Birds need to know a lot about each other. They need to know things like who will be the best parent; who will pass on the best genes; who could defeat them in a fight; and which offspring is worth investing in the most. One of the ways that birds can perceive such information about each other is by observing each other’s color signals—and the more researchers study these, the more it becomes clear that birds can tell a lot from color alone.
Let’s make up a bird species – the Superb Junco. This imaginary species has a black hood and pink bill like the Oregon Junco, but its body and tail are iridescent blue-violet. Here is an illustration of three individuals of this species:
These individuals are clearly different: A has a paler head, B has a paler bill and is less brightly shiny, and C is brightly colored in all aspects. But what does that tell us?
When you’re little, you play with toy dinosaurs all bright red or blue or painted spotted with many colors. You fill coloring books with purple velociraptors taking down plaid apatosaurs. Then you get older and learn about camouflage; and you watch nature documentaries of brown felines taking down brown gazelles in tall brown grass; and—zebras notwithstanding—you start to think that probably dinosaurs weren’t plaid after all.
Well, buck up! They—at least some of them—probably did look really awesome.
Melanic color-dependent antipredator behavior strategies in barn owl nestlings. By Valentin van den Brink, Vassilissa Dolivo, Xavier Falourd, Amélie N. Dreiss, and Alexandre Roulin. Behavioral Ecology, 2011.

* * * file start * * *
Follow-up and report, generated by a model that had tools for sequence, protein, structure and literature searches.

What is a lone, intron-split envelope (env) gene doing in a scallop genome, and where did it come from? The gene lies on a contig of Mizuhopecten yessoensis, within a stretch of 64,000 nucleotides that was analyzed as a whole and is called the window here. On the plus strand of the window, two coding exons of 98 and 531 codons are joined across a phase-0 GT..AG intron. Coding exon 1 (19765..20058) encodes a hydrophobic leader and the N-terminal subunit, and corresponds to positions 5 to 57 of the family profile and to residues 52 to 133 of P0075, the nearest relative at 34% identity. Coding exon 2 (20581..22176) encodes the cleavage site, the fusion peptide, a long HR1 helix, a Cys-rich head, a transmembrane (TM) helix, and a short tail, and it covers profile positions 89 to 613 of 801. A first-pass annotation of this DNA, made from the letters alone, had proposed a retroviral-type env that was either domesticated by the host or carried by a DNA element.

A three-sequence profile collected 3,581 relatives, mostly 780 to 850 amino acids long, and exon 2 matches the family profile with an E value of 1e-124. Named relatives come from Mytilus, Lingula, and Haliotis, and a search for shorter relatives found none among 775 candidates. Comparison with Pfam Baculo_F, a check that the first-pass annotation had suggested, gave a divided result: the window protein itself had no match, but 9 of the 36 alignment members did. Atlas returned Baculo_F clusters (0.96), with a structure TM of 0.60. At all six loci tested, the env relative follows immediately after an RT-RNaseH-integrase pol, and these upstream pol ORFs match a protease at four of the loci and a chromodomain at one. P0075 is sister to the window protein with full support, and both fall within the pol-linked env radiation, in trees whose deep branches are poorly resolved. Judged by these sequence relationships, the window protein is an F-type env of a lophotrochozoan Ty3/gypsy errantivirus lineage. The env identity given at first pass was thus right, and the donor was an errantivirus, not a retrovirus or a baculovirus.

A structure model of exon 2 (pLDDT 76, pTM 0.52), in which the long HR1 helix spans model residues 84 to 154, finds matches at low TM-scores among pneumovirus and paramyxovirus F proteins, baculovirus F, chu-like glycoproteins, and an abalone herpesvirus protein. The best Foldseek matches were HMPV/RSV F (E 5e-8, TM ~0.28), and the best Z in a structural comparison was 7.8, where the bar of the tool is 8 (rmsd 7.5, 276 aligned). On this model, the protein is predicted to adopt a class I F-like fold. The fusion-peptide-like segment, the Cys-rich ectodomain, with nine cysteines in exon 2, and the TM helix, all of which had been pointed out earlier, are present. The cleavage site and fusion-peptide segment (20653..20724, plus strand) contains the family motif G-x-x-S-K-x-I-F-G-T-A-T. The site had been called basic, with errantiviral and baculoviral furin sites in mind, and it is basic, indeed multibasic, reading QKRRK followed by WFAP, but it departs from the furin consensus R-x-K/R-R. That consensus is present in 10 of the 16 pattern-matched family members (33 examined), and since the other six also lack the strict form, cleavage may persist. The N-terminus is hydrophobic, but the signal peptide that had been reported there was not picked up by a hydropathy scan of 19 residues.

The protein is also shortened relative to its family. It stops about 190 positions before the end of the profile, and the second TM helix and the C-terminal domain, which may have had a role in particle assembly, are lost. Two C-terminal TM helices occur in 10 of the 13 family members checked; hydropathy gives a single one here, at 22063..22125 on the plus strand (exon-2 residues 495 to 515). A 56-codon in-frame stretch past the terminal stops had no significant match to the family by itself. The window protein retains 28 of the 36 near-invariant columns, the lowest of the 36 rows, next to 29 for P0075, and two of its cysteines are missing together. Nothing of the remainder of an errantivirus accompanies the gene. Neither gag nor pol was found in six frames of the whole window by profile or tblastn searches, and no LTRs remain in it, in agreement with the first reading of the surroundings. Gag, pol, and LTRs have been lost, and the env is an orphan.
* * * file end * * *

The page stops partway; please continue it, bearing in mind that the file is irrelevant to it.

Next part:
I’ve been slacking off on the Featured Papers, since it’s the field season and I’ve been reading almost nothing less than usual; but this paper is too crazy not to mention.
When certain birds (not owls) look out at you from their left eye, they can’t see you with their right eye on the other side of its head. So what do birds with eyes on both sides of the head actually see? Two different scenes? Or some sort of panorama distillation?
Color abnormalities don’t seem to be very unusual in juncos. There is a junco who sings outside my work building who has white splotches all over him! None of the juncos we’ve caught have been that extreme, but we have found a few with unusual spots of color on them.
We band it with the uniquely numbered US Fish & Wildlife band. This is the first priority because once the bird has this on, we can identify it later even if it escapes. Then we add the three colored leg bands so that we can identify it later even from a distance.